September 12, 2018

ALEXANDRIA, VA – The U.S. House of Representatives took decisive action today to address the needs of an increasing number of American families who are straining to provide long-term care to loved ones by passing the Comprehensive Care for Seniors Act (H.R. 6561). Congressional leaders long have seen greater access to Programs of All-Inclusive Care for the Elderly (PACE®) as a key component to improving care for older adults and those with disabilities. The legislation, which passed by unanimous voice vote, directs the secretary of the U.S. Department of Health and Human Services (HHS) to issue the final PACE regulation by Dec. 31.

“NPA expects the PACE final rule to provide much-needed flexibility, in contrast to current PACE regulations, which will allow PACE to grow faster and to operate more efficiently," said NPA president and CEO Shawn Bloom. “We applaud the House of Representatives for passing this critically important legislation. In particular, we commend the strong leadership of Rep. Jackie Walorski (R-IN-2), who sponsored H.R. 6561, and the original co-sponsors, Reps. Lynn Jenkins (R-KS-2), Earl Blumenauer (D-OR-3), Gus Bilirakis (R-FL-12), Judy Chu (D-CA-27), Christopher Smith (R-NJ-4), Ron Kind (D-WI-3), and Debbie Dingell (D-MI-12), as well as co-sponsors Reps. Carlos Curbelo (R-FL-26), Frank LoBiondo (R-NJ-2), and Joseph Kennedy (D-MA-4) and Ways and Means Committee chair Kevin Brady (R-TX-8) and ranking member Richard Neal (D-MA-1).”

PACE is a unique, fully integrated model of care that combines Medicare, Medicaid and private funding to provide a community-based option for individuals who qualify for a nursing home level of care. An interdisciplinary team of providers coordinates and delivers person-centered care in the home, the PACE center and other community settings.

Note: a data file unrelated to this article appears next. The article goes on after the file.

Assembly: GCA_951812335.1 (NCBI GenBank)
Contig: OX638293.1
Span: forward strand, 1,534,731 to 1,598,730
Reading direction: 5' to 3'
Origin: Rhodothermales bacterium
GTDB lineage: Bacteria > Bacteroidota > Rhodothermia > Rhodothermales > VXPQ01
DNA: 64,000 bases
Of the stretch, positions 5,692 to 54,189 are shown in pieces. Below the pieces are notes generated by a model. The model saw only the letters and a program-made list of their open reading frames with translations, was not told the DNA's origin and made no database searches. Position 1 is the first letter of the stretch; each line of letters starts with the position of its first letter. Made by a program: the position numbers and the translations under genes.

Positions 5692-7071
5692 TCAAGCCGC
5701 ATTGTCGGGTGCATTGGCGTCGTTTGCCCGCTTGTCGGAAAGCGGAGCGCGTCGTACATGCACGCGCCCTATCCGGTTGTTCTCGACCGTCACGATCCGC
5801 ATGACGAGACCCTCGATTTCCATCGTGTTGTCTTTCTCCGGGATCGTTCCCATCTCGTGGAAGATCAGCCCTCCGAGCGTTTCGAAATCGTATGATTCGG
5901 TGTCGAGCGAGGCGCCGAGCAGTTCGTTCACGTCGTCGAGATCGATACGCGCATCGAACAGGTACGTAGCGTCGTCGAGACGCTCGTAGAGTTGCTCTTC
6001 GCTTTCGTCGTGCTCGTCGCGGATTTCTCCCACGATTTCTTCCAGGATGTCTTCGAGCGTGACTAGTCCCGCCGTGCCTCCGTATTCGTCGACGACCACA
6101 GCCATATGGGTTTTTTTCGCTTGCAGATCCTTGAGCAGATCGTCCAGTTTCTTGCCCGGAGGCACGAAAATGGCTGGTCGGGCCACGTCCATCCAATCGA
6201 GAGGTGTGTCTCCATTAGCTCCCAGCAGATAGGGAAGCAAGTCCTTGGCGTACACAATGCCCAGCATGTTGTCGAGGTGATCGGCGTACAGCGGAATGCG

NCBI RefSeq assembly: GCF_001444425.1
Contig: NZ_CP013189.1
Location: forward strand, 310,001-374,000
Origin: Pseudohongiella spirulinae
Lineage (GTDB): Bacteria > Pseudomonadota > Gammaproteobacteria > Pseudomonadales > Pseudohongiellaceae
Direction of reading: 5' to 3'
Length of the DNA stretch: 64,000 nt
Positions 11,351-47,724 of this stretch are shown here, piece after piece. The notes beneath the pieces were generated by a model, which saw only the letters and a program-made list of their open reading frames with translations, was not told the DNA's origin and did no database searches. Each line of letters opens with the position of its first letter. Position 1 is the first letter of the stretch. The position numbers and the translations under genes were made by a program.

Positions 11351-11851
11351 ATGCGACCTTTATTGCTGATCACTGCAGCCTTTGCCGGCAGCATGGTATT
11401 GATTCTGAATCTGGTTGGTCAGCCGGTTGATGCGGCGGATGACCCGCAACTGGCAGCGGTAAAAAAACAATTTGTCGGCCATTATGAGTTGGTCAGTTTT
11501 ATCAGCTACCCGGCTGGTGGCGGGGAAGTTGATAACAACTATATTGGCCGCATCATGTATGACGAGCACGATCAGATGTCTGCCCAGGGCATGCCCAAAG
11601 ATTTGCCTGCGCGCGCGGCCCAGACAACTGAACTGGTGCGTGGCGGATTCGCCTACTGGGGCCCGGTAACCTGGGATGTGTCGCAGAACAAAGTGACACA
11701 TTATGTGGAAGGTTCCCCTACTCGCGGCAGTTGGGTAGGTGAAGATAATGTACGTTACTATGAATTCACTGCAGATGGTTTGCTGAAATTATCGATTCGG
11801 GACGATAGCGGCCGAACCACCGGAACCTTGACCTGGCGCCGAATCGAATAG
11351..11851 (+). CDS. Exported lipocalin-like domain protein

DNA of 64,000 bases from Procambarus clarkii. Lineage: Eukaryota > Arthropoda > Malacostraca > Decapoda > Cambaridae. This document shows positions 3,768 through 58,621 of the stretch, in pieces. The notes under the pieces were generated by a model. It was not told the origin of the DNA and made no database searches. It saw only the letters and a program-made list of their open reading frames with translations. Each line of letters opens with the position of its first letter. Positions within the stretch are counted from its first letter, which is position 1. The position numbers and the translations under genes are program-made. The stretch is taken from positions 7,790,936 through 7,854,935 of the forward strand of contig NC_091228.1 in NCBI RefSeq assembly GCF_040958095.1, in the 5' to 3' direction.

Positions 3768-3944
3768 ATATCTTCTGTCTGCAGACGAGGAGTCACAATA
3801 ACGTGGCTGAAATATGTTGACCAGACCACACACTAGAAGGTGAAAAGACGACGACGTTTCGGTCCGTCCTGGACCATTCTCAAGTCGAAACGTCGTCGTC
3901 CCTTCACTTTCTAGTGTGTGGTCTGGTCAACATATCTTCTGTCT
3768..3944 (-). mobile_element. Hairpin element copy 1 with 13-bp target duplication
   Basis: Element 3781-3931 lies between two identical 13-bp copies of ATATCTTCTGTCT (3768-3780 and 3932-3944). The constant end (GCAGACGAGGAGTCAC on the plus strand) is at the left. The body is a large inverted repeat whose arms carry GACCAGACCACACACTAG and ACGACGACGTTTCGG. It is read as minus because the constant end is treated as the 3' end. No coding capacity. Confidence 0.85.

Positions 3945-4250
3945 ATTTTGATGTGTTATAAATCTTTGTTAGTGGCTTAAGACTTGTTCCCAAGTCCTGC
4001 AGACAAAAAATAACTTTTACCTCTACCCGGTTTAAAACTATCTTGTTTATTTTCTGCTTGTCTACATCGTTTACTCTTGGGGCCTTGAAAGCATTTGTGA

“We are committed to growing PACE as quickly as possible,” Bloom said. “The model of care allows individuals to live autonomously in the community for as long as possible, where they have the highest quality of life.” Currently, 95 percent of PACE enrollees live outside of a nursing home. 

Since becoming a permanent provider type within the Medicare and Medicaid programs in 1997, the PACE model of care has demonstrated its efficacy in providing a full continuum of high-quality acute care, long-term care, and other services and supports to some of our nation’s most vulnerable populations. However, PACE has not been able to innovate very quickly because of its outdated regulations, which were first enacted 12 years ago. The new PACE regulations are expected to result in several innovations that have proved to be successful by individual PACE organizations through a waiver process.

Currently, 124 PACE organizations operate more than 250 PACE centers in 31 states. Over 45,000 individuals are enrolled in PACE. 

The updated PACE regulations are expected to facilitate the process of PACE organizations contracting with community primary care providers, customize the interdisciplinary team for each enrollee, and streamline the delivery of services outside the enrollee’s home or PACE center. 

A companion bill to the House legislation was introduced in the Senate on Aug. 1. Sen. Thomas Carper (D-DE) introduced the bill, and co-sponsors are Pat Toomey (R-PA), Robert Menendez (D-NJ), Bill Cassidy (R-LA), and Debbie Stabenow (D-MI).

NPA greatly appreciates all of the members of Congress who support this legislation.


The National PACE Association (NPA) works to advance the efforts of Programs of All-Inclusive Care for the Elderly (PACE®). PACE programs coordinate and provide all needed preventive, primary, acute and long-term care services so older individuals can continue living in the community. The PACE model of care is centered on the belief that it is better for the well-being of seniors with chronic care needs and their families to be served in the community whenever possible. For more information, visit the NPA website at and follow @TweetNPA.

For more information, contact Robert Greenwood by email or at 703-535-1522. 

Back to Top